Technology advancements in forensics have been of considerable import in recent years. Examples include enhanced techniques for computer data and mobile device recovery (electronic evidence), successful use of “touch DNA” to prosecute property crimes, higher throughput and even “real-time” DNA sequencing machines for DNA identification, improved fingerprint recovery from metals such as gun cartridges and bomb fragments, use of the chemistry of color to identify chemical and biological weapons, and sensing technologies that are improving the detection of drugs and explosives at security checkpoints. Other advancements include portable DNA profiling techniques used at crime scenes, greater accuracy in ascertaining the age at death of crime victims and developments in scanning, facial recognition and biometrics. These technological advancements have reduced per unit costs in practical applications, thus enhancing the affordability of forensic applications and increasing their market penetration.
Greater use of DNA testing and other technologies has also brought high visibility to forensic testing. The number of crime laboratories in the U.S. performing forensic analyses grew from 300 in 1999 to an estimated 475 in 2013. Publicly funded forensic crime labs now spend in aggregate more than $1.6 billion per year.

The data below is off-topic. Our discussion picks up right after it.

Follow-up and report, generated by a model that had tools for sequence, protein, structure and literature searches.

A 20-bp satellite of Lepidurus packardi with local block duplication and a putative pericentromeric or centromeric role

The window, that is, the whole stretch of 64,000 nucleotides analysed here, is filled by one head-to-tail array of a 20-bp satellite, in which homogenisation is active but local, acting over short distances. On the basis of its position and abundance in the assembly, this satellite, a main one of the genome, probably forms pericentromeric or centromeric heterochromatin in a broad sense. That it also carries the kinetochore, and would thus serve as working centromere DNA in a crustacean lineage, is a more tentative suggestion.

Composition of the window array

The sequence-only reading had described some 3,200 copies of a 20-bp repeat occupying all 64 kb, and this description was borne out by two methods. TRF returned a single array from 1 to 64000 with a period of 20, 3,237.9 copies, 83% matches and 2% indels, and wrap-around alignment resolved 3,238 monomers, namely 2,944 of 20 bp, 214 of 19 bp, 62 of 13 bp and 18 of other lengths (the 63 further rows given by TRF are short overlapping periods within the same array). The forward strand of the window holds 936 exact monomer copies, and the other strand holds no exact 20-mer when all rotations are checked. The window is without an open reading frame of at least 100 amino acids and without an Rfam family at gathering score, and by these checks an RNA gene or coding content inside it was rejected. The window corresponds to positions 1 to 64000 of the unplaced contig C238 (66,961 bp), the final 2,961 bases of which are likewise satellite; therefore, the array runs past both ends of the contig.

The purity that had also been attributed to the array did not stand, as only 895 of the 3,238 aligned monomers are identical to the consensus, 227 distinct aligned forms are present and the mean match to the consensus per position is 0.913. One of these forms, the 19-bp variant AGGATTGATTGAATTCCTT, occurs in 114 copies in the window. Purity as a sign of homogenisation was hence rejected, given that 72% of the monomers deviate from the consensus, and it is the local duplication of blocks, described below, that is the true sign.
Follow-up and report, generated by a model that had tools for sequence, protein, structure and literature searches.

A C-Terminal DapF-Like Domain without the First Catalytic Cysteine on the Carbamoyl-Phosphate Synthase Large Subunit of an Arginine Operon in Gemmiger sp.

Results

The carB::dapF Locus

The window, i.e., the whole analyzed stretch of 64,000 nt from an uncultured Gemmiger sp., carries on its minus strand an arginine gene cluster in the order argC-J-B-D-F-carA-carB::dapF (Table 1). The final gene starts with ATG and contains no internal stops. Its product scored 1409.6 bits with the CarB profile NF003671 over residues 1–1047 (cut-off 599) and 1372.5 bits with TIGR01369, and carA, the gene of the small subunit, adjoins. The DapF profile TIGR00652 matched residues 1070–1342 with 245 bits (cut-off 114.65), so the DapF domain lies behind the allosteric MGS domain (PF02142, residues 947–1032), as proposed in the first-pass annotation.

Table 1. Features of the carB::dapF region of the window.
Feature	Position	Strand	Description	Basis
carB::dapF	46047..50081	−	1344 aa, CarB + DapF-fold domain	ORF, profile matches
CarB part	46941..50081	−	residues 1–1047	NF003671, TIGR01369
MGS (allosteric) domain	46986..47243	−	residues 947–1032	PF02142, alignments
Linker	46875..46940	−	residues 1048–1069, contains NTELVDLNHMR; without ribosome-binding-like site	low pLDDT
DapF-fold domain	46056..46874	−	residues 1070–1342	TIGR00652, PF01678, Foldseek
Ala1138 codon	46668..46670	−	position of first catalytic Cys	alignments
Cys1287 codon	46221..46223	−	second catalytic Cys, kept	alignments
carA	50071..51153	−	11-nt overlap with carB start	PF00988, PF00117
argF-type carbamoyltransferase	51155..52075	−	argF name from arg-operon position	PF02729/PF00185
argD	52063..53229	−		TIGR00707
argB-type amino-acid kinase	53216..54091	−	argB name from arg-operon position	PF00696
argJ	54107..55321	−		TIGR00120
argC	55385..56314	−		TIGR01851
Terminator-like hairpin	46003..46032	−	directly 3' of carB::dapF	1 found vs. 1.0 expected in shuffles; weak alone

With its broad scope and in-depth analyses, this study will prove to be a valuable resource, particularly for anyone involved with, or interested in, the forensic market for analytical instrumentation, drug and toxicology analysis, DNA profiling, fingerprinting/biometrics and computer forensics.
This study will be particularly useful for researchers, laboratory and government personnel working in research or company settings, as well as business professionals involved with analytical instrumentation, drug and toxicology analysis, DNA profiling, fingerprinting/biometrics and computer forensics. It also will be of value to potential investors and members of the general public interested in acquiring a business–oriented view of the forensic science industry.
The projections, forecasts and trend analyses found in this report provide readers with the necessary data and information for decision-making.